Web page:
Posted in Blogging, Digital Media, Entrepreneurship, General, Innovation, Journalism, New Media | Tagged: , , , , | Leave a Comment »

The Techmeme Leaderboard: Does It Matter What Kind of Site a News Source is?

Posted by Jacqueline on October 1, 2007

Bloggers and other news outlets have been posting about the new Techmeme Leaderboard all day today, and one of the main topics of discussion has been how the site’s ranking system does not differentiate between blogs and other websites.  For instance, Techcrunch, Scobleizer, and the New York Times are all on their list, and it’s based on how many times a site has been linked by Techmeme in the last thirty days.

Some bloggers have been trumpeting about this will replace the somewhat ailing Technorati, but while this list is definitely useful for those who are interested technology developments and news, it cannot replace the universal reach of Technorati’s ranking systems.  After all, Technorati tracks blogs on every topic, not just the ones in the techno-sphere, and although it doesn’t include non-blog sources, it generally does its job pretty well.  And anyways, there really isn’t any competition other than Google’s Blogsearch, and that only searches blogs – it doesn’t index, rank, or otherwise organize them.  Perhaps the reports of Technorati’s death have been greatly exaggerated.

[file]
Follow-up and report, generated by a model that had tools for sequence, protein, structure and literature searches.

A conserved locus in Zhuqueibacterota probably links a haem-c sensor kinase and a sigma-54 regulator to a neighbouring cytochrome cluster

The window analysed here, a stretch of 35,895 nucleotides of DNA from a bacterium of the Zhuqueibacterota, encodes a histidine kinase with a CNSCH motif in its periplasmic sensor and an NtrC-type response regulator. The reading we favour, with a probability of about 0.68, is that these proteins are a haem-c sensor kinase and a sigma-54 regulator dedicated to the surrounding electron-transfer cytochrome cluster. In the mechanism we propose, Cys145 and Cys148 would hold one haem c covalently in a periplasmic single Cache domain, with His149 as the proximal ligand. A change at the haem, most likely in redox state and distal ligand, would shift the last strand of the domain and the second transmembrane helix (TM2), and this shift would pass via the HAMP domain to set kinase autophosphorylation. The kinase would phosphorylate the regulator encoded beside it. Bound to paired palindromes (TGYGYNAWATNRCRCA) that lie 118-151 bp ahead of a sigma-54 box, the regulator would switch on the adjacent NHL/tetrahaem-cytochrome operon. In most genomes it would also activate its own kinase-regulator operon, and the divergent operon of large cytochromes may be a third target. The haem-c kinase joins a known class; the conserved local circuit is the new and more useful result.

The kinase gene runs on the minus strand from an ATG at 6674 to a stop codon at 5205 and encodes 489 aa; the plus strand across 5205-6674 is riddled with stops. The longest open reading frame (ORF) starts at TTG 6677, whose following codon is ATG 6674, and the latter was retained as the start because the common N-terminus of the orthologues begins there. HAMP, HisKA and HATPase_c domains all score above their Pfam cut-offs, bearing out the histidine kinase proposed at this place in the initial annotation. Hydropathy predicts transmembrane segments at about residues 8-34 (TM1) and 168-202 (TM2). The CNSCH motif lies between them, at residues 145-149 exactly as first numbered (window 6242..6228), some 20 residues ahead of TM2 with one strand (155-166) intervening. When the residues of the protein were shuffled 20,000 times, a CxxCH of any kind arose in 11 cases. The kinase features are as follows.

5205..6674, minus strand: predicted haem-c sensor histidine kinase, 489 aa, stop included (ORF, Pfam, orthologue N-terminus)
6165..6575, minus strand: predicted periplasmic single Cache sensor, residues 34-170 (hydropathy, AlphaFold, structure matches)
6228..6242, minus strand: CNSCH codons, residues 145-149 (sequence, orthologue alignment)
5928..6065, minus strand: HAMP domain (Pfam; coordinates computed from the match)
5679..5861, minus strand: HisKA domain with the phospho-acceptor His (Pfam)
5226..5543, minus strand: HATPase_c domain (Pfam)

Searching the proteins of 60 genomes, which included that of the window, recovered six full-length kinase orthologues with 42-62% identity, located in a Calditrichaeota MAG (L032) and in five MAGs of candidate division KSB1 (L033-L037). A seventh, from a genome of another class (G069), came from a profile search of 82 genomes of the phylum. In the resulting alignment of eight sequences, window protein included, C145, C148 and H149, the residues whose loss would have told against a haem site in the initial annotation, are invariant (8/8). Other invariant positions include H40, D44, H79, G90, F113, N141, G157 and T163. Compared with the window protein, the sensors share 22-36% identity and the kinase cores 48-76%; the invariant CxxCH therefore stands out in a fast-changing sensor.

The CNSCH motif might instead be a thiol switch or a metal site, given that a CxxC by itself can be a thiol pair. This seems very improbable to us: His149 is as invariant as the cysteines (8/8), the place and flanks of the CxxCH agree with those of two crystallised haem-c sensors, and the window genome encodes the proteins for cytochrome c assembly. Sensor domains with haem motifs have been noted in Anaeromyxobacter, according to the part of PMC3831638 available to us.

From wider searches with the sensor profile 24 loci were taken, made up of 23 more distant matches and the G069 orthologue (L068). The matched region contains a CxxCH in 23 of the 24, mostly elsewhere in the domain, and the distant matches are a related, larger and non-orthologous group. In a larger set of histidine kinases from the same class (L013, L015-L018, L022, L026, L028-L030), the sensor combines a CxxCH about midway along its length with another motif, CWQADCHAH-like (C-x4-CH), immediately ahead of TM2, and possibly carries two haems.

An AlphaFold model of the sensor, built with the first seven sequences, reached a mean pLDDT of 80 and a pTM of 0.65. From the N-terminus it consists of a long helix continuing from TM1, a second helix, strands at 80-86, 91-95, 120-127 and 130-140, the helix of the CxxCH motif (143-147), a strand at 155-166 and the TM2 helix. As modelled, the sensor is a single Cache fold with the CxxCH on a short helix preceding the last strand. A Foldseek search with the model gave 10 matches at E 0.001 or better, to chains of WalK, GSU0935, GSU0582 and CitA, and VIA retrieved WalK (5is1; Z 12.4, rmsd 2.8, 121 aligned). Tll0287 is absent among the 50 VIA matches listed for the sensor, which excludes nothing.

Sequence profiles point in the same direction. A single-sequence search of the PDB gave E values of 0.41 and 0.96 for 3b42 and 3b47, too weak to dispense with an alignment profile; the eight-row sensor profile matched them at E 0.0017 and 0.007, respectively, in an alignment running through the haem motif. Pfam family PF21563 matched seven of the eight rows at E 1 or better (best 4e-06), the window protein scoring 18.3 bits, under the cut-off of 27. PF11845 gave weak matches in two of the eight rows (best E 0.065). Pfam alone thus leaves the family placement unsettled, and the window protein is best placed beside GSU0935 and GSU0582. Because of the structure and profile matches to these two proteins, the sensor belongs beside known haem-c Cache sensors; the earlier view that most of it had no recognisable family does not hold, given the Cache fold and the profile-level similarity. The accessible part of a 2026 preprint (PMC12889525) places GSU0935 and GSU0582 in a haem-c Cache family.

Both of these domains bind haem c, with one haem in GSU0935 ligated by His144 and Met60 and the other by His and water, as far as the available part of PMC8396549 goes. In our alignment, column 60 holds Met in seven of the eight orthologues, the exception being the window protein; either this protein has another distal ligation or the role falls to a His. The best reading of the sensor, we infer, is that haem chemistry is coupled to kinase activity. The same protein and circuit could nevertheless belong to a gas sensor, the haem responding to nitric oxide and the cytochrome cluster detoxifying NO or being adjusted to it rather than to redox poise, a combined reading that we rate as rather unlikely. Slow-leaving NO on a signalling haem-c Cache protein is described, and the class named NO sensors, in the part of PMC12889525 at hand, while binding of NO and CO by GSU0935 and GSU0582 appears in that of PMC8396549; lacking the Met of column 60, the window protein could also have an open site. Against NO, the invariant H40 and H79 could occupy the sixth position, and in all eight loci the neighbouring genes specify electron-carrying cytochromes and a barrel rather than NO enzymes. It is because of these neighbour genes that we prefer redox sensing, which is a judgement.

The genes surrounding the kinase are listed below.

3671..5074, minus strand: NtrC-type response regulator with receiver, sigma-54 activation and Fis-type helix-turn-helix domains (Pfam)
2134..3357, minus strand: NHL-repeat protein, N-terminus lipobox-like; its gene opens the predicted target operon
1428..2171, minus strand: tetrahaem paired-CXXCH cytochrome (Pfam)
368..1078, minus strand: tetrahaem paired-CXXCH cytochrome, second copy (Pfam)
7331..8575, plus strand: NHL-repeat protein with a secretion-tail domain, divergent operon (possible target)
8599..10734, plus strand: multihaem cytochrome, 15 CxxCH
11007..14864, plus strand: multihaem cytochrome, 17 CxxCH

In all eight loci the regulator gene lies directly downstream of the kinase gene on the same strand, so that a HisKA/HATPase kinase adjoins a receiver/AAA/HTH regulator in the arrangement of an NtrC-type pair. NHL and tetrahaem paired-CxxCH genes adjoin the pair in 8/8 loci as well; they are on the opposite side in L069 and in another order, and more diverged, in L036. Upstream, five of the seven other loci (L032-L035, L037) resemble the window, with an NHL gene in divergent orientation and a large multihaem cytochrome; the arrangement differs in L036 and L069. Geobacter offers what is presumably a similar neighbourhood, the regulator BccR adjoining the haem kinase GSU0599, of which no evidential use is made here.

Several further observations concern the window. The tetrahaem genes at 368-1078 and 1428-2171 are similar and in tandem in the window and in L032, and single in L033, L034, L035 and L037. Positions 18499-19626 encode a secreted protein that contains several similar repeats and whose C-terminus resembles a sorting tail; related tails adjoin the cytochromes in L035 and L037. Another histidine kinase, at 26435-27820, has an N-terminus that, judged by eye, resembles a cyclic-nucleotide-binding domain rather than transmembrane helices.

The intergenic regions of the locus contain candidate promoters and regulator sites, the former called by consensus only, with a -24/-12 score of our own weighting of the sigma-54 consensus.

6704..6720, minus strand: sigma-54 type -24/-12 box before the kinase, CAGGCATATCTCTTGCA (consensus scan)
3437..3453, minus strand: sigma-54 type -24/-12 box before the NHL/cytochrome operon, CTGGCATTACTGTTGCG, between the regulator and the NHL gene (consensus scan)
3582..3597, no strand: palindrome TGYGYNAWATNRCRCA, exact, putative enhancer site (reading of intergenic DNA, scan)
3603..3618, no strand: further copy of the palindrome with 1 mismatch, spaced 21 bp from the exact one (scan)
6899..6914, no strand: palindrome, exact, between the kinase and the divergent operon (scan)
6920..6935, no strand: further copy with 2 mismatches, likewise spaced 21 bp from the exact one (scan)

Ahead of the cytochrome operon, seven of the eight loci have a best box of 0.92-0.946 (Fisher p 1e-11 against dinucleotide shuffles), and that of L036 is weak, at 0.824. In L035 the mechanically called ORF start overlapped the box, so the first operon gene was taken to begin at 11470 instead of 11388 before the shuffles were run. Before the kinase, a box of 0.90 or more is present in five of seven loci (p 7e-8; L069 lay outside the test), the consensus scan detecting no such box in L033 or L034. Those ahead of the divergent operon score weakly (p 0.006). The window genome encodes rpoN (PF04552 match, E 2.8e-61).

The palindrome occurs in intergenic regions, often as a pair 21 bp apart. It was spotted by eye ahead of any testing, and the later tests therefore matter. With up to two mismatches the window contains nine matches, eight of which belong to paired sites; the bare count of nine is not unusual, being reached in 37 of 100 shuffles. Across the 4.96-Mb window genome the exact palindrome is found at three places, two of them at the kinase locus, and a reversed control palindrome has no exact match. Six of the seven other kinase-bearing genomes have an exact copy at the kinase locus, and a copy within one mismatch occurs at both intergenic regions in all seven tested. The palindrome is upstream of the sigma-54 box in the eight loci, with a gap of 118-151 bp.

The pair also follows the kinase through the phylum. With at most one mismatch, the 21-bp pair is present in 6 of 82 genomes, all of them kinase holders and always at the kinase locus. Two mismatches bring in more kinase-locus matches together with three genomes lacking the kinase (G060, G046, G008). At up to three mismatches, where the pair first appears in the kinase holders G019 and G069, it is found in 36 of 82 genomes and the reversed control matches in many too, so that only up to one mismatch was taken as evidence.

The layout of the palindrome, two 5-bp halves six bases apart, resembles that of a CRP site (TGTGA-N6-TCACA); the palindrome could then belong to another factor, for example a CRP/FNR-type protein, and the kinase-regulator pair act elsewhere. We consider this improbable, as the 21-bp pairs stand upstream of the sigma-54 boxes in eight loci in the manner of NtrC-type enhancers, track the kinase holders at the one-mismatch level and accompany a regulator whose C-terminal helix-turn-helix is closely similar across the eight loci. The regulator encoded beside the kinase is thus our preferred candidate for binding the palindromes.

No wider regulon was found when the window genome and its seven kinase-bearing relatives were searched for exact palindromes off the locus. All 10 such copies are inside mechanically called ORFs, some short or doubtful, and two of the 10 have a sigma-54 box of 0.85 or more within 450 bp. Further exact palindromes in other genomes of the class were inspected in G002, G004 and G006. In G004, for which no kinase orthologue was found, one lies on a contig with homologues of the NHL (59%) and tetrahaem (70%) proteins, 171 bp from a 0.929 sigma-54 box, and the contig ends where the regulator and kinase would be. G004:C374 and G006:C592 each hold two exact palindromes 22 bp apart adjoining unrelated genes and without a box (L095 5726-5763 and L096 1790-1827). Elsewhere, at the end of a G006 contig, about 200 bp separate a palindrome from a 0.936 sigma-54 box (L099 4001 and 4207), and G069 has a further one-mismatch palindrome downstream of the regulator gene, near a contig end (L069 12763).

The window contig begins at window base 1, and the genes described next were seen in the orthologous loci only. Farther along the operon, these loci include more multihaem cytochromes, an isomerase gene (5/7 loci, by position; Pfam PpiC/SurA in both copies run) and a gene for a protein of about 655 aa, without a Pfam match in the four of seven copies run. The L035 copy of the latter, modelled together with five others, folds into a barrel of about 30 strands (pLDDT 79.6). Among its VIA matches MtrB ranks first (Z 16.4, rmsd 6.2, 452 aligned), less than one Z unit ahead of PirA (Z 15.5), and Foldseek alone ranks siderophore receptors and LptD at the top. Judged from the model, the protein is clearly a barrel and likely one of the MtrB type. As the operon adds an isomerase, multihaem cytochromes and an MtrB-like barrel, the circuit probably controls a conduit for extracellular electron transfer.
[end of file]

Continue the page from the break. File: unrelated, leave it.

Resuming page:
Much of the other discussion has been about this list doesn’t discern what is a blog and what is not – but does it really matter what the source of a story is if it is viable and/or interesting?  It’s not like Techmeme’s Leaderboard purports to be a blog ranking system anyways, and really, perhaps it is time that popular blogs go head to head with traditional news sources in terms of respect, page views, and links.  And as bloggers gain increasing amoutns of credibility, do people really care if they are reading a blog or a news outlet as long as it has the latest scoop?